A group of food safety lawyers from Pritzker Hageman law firm found a rabid bat in downtown Minneapolis on Tuesday. The bat was discovered at the corner of Marquette Ave. and 6th St. After capturing the bat safely while it was still alive, our lawyers brought it to the University of Minnesota Veterinary Diagnostic Laboratory, where the bat tested positive for rabies. Everyone on our team who came into contact with the bat received rabies prevention shots. Our food safety lawyers help people who develop illnesses by eating food that has been contaminated by infected animals. Our team is dedicated to protecting and educating people about the dangers of coming into contact with disease-infected animals.

Anyone who may have come into contact with the infected bat should contact the Minnesota Department of Health as soon as possible at 651-201-5414 or 1-877-676-5414 to determine whether rabies shots are needed.

How Do You Prevent Rabies After a Bite?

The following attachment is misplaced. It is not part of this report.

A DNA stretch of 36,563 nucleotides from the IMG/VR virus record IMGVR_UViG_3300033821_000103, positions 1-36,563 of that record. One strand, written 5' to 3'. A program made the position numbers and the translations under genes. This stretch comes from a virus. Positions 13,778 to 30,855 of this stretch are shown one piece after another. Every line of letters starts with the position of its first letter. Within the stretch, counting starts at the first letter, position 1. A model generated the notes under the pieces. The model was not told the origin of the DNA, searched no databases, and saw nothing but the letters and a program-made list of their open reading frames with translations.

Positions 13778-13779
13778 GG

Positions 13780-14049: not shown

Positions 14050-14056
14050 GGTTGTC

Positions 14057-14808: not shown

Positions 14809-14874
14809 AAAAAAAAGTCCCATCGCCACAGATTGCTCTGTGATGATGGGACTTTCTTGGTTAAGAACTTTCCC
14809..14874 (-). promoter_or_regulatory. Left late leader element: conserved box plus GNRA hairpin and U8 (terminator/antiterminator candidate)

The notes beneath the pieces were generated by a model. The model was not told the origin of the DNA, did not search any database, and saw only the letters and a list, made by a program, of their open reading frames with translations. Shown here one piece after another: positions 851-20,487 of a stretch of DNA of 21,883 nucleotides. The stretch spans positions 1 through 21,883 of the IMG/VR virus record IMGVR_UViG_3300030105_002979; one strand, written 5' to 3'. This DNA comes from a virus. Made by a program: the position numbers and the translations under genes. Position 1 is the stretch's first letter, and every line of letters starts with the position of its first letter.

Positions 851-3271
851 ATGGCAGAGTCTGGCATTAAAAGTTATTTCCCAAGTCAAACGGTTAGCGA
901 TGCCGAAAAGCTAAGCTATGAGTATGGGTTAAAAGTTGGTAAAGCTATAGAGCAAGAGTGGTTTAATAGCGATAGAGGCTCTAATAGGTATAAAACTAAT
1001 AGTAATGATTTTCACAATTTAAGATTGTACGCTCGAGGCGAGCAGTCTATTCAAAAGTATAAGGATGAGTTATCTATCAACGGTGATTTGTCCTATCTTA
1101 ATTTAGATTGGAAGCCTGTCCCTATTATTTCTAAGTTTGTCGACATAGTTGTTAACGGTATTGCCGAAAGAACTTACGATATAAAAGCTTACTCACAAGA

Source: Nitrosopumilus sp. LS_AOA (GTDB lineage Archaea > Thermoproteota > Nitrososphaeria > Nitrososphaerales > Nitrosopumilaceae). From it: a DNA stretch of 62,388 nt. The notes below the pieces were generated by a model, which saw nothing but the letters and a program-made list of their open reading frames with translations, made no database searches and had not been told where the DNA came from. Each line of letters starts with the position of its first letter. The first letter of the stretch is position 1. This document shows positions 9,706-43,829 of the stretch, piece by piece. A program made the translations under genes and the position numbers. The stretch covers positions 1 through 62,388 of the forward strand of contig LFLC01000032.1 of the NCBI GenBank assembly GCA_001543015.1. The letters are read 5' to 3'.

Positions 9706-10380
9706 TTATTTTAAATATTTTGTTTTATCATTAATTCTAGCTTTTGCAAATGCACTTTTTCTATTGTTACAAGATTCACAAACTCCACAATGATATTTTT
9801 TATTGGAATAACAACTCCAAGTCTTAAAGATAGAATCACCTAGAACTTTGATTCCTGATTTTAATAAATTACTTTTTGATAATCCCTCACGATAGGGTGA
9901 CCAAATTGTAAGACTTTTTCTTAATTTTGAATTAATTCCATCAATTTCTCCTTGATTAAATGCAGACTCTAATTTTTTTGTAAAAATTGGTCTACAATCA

Rabies is a fatal illness that spreads to humans through the saliva of infected animals. It can be prevented by vaccination. Each year, about 35-75 animals test positive for rabies in Minnesota. Skunks and bats are the most common carriers of the disease. Bats are especially concerning due to their tiny teeth that may not be felt or leave a noticeable mark. If you came into physical contact with a bat, health officials recommend capturing the bat safely to submit it for rabies testing. As shown below, the Minnesota Department of Health has a video on how to safely capture a bat on their website. If the bat is not available for testing, you should receive rabies prevention shots as soon as possible.